Trade-off Theory

  • MM theory ignores bankruptcy (financial distress) costs, which increase as more leverage is used.

  • At low leverage levels, tax benefits outweigh bankruptcy costs.

  • At high levels, bankruptcy costs outweigh tax benefits.

  • An optimal capital structure exists that balances these costs and benefits.


Tax shield vs cost of financial distress

Tax Shield

Value of Firm, V

VL

VU

Debt

0

Distress Costs

Tax Shield vs. Cost of Financial Distress


Signaling theory

Signaling Theory

  • MM assumed that investors and managers have the same information.

  • But, managers often have better information. Thus, they would:

    • Sell stock if stock is overvalued.

    • Sell bonds if stock is undervalued.

  • Investors understand this, so view new stock sales as a negative signal.

  • Implications for managers?


Pecking order theory

Pecking Order Theory

  • Firms use internally generated funds first, because there are no flotation costs or negative signals.

  • If more funds are needed, firms then issue debt because it has lower flotation costs than equity and not negative signals.

  • If more funds are needed, firms then issue equity.


Debt financing and agency costs

Debt Financing and Agency Costs

  • One agency problem is that managers can use corporate funds for non-value maximizing purposes.

  • The use of financial leverage:

    • Bonds “free cash flow.”

    • Forces discipline on managers to avoid perks and non-value adding acquisitions.

(More...)


Debt financing and agency costs1

Debt Financing and Agency Costs

  • A second agency problem is the potential for “underinvestment”.

    • Debt increases risk of financial distress.

    • Therefore, managers may avoid risky projects even if they have positive NPVs.


Investment opportunity set and reserve borrowing capacity

Investment Opportunity Set and Reserve Borrowing Capacity

  • Firms with many investment opportunities should maintain reserve borrowing capacity, especially if they have problems with asymmetric information (which would cause equity issues to be costly).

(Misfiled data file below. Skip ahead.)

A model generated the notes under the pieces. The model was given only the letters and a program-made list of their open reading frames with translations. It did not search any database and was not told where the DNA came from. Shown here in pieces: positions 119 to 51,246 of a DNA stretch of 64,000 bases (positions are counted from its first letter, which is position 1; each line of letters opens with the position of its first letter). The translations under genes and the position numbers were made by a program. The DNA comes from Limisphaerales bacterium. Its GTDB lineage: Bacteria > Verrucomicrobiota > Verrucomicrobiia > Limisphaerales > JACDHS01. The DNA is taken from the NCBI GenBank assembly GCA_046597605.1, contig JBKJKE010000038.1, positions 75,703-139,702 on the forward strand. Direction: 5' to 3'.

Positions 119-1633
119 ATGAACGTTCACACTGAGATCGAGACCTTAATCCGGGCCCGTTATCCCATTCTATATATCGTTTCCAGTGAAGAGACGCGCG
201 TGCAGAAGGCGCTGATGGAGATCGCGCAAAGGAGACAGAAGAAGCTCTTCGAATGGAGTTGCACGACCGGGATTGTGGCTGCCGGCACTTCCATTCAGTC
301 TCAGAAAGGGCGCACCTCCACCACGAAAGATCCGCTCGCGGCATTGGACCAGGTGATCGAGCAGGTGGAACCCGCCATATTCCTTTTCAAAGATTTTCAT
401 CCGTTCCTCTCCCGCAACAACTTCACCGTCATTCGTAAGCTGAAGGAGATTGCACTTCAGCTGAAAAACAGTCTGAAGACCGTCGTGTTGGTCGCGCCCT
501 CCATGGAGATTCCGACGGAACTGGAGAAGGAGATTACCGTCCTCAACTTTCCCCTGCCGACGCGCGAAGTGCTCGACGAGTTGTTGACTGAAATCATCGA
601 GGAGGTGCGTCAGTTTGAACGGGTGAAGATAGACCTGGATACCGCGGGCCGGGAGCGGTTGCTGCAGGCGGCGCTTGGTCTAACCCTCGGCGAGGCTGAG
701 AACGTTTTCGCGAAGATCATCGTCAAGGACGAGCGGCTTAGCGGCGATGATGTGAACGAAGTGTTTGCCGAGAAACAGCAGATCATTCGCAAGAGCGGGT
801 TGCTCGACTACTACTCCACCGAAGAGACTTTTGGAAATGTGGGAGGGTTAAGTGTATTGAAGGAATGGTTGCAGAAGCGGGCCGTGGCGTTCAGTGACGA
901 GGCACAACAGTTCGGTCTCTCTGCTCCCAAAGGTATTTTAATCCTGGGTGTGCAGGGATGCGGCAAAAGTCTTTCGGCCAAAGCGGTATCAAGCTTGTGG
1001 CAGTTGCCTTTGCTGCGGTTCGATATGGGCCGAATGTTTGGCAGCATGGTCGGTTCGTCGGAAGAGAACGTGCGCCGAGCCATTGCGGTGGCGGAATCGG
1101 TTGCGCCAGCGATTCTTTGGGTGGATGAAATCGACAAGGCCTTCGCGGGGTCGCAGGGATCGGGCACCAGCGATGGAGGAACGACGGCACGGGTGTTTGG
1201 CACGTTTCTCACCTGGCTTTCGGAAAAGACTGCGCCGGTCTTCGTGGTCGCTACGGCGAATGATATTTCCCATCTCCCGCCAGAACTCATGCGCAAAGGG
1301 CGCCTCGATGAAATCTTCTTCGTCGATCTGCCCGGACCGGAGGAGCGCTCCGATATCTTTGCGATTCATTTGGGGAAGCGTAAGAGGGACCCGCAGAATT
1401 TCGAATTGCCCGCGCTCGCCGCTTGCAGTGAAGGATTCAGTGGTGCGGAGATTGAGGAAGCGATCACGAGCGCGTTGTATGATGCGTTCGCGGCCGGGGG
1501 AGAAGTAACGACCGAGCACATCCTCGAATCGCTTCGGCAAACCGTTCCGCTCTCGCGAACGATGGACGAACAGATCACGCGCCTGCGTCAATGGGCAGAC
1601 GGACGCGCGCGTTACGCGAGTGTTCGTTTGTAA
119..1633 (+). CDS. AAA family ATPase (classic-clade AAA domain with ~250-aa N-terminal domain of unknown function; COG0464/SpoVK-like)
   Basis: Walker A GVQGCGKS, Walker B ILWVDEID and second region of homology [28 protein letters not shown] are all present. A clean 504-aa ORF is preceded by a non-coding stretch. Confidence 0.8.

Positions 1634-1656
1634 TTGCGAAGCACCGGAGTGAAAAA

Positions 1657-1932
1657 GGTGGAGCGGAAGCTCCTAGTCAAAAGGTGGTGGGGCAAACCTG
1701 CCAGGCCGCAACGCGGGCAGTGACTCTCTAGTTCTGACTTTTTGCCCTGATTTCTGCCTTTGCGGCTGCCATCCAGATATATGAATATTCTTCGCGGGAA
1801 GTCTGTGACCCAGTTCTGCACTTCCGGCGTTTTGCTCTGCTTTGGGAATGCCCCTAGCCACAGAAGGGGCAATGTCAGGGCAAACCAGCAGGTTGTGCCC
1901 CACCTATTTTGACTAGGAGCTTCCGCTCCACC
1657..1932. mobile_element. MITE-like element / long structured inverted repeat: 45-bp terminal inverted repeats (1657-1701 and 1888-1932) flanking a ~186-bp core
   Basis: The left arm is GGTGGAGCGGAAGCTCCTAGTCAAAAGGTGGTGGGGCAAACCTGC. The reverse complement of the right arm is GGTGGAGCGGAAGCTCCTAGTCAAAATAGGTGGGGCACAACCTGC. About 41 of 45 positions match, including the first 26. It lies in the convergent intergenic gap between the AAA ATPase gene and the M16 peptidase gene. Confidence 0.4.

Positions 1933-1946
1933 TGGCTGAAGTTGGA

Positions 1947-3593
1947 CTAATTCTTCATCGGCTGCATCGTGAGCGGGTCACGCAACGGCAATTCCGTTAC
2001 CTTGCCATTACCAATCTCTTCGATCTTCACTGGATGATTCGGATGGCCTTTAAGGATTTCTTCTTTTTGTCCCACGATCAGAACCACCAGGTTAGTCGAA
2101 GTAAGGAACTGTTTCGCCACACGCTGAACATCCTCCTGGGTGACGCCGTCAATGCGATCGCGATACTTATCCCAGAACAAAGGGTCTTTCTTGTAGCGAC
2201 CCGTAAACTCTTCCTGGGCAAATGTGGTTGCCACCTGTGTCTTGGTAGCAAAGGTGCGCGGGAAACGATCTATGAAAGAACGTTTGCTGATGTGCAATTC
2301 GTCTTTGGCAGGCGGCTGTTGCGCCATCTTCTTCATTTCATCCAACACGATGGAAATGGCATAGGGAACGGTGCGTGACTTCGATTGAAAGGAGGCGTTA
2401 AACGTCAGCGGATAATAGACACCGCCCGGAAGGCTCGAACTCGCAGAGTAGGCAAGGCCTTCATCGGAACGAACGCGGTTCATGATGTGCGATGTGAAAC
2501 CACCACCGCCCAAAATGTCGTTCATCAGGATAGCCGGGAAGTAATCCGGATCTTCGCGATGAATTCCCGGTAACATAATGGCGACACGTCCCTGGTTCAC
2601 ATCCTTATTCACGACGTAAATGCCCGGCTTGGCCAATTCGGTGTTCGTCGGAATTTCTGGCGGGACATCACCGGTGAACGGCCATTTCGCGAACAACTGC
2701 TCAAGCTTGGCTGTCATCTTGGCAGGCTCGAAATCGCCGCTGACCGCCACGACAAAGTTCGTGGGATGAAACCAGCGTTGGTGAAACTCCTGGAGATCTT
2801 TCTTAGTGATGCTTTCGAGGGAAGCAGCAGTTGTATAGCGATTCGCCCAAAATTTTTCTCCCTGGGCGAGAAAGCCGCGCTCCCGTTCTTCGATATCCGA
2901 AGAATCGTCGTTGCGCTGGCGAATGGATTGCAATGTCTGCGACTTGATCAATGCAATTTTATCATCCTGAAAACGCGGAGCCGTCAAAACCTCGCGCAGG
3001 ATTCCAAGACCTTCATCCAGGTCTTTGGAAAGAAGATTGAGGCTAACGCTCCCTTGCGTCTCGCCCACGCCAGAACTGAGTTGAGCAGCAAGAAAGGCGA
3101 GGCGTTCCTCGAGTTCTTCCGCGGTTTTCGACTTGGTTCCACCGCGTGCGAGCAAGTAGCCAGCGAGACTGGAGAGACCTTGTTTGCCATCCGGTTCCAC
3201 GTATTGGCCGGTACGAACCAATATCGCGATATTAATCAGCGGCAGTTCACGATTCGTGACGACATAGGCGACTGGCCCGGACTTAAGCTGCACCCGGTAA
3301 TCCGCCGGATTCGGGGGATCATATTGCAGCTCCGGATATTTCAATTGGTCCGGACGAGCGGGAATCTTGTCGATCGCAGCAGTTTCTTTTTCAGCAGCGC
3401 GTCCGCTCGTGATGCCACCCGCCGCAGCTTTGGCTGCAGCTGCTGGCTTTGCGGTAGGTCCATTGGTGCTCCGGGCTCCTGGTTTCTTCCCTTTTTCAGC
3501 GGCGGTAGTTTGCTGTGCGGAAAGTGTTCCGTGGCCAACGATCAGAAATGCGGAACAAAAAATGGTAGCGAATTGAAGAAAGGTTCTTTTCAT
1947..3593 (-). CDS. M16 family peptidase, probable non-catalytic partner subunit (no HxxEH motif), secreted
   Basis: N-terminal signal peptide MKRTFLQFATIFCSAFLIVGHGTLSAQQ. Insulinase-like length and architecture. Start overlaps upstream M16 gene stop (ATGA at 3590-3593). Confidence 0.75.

Market timing theory

Market Timing Theory

  • Managers try to “time the market” when issuing securities.

  • They issue equity when the market is “high” and after big stock price run ups.

  • They issue debt when the stock market is “low” and when interest rates are “low.”

  • The issue short-term debt when the term structure is upward sloping and long-term debt when it is relatively flat.


Empirical evidence

Empirical Evidence

  • Tax benefits are important

    • At optimal capital structure, $1 debt adds about $0.10 to $0.20 to value on average.

    • For average firm financed with 25% to 30% debt, this adds about 3% to 6% to the total value.

  • Bankruptcies are costly– costs can be up to 10% to 20% of firm value.


Empirical evidence continued

Empirical Evidence (Continued)

  • Firms have targets, but don’t make quick corrections when stock price changes cause their debt ratios to change.

    • Average speed of adjustment from current capital structure is about 30% per year.

    • Speed is about 50% per year for firms with high cash flow.

    • Speed is about 70% for firms with high cash flow that are above target.


Empirical evidence continued1

Empirical Evidence (Continued)

  • Lost value from being above target is bigger than lost value from being below target.

    • When above target, distress costs rise very rapidly.

  • Sometimes companies will deliberately increase debt to above target to take advantage of unexpected investment opportunity.